Want to make any guesses about how traffic patterns changed? Well I'll tell you. Even though total usage remained high on Monday (and the referring sources remained much the same as on Saturday), the percentage of users who went to the search engine went way down. Here take a look:
Recall in the earlier chart, the 35% of the page views were for the search engine; that number went down to 13% on Monday. And just to confirm this, I looked at exit pages: 61% of users left the site from the home page. It appears that users were getting their answer right up front.
As a writer, visual artist and programmer, I was drawn to the web early. (I have planned, designed and built sites for a living and as a hobby since 1994.) This background in art and words led me to a very straightforward design philosophy:
- The content is king and must always drive the design (the words part of me).
- The design has to be visually appealing (the art part of me).
- The content and design must be delivered with widely accessible, completely reliable technology (the programmer part of me).
I believe that when these three come together well, the resulting site should be truly usable. I build sites with these things in mind and I modify sites based on these criteria.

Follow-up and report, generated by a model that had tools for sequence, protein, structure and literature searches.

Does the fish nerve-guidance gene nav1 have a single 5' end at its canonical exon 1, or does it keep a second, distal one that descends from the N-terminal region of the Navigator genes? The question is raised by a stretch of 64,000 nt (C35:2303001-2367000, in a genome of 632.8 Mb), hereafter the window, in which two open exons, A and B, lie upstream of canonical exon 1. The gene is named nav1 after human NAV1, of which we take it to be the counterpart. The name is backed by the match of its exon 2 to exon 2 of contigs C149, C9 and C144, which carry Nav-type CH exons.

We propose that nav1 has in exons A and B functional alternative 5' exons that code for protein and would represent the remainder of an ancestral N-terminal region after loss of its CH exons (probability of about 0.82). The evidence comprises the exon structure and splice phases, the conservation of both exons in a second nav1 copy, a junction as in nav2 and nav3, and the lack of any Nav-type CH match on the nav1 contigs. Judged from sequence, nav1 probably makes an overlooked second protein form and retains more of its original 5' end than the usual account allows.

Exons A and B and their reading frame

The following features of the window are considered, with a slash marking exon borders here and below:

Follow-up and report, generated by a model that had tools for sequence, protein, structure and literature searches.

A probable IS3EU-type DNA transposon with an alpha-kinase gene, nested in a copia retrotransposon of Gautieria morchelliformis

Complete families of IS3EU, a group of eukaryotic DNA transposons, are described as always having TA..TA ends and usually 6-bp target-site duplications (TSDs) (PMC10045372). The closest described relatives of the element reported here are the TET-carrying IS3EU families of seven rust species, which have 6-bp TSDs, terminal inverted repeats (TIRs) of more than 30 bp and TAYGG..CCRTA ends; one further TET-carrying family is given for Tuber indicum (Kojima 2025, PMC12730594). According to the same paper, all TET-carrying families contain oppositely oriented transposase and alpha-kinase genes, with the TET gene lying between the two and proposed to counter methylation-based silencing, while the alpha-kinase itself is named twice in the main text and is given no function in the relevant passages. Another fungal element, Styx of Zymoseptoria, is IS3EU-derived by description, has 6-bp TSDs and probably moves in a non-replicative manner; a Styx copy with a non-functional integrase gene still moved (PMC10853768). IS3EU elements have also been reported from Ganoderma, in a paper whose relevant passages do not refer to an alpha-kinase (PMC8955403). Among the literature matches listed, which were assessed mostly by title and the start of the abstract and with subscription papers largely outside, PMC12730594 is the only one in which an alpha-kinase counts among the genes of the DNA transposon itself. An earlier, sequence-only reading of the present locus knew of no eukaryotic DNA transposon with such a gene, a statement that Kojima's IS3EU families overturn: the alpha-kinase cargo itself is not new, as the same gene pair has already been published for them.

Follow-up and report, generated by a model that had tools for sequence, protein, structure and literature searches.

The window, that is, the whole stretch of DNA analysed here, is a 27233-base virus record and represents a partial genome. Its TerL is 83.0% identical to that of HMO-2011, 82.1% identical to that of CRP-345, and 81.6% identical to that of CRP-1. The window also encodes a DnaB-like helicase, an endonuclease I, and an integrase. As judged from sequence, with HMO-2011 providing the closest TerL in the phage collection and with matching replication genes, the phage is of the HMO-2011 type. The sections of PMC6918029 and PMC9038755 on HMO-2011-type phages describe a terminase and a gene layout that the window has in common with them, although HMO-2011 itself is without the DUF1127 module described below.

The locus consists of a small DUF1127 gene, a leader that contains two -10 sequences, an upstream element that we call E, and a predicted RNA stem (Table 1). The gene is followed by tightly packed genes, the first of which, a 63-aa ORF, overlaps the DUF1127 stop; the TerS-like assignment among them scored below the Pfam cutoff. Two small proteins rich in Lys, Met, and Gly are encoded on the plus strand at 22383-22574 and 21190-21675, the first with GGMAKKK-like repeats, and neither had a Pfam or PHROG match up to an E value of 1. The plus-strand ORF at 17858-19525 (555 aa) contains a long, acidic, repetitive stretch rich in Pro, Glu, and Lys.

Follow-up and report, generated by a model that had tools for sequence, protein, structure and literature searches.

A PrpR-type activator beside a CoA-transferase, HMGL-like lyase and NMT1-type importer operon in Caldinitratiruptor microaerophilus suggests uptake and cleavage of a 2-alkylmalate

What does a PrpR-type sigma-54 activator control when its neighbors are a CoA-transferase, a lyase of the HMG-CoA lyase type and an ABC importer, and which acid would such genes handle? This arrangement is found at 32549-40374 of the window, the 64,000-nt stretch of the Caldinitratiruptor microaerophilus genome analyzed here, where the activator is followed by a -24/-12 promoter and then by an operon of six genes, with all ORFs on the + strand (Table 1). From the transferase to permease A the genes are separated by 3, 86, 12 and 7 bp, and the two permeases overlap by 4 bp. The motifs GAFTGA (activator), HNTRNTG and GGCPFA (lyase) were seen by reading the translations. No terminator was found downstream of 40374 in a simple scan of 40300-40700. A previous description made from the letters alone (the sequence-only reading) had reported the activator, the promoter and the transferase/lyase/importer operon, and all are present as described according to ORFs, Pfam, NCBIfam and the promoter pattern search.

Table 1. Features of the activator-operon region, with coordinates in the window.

I believe this article shows that this philosophy holds true throughout the life of the site. In particular, this example points out that usability isn't always about design. In fact, I couldn't have solved this usability issue with a design change. The changes I made were entirely content-related and they made a real difference in usability.
So what am I suggesting? Well, I'll admit that this is a pretty stark example. (A half-blind Amish boy could have spotted the anomaly if I drew the graph boldly enough on his chalkboard.) I realize that we generally work on sites with much more traffic than this, but it still makes four things perfectly clear to me:
- If we pay attention to our web traffic, we can quickly spot changes in usage patterns.
- Those usage changes should be examined closely to be sure that our content, design and technical infrastructure still meet our users' needs.
- If analysis suggests users aren't getting what they need, we can often take simple incremental steps to better meet users' needs.
- If we adjust to those changes in usage quickly, we can significantly improve user experience.
And one more thing. This experience reminded me of something that I always want to remember. It never hurts to ask users what the heck is going on, and quite often, it helps quite a bit.
David Eames-Harlan is a complex man who can't possibly be summed up in a few simple sentences. When he's not doing marketing communications strategy for IBM server group, he can be found (usually at the same desk in Portland, Oregon) playing one of a variety of celtic wind instruments, writing or doing something else altogether. Huh. Maybe that first sentence is wrong.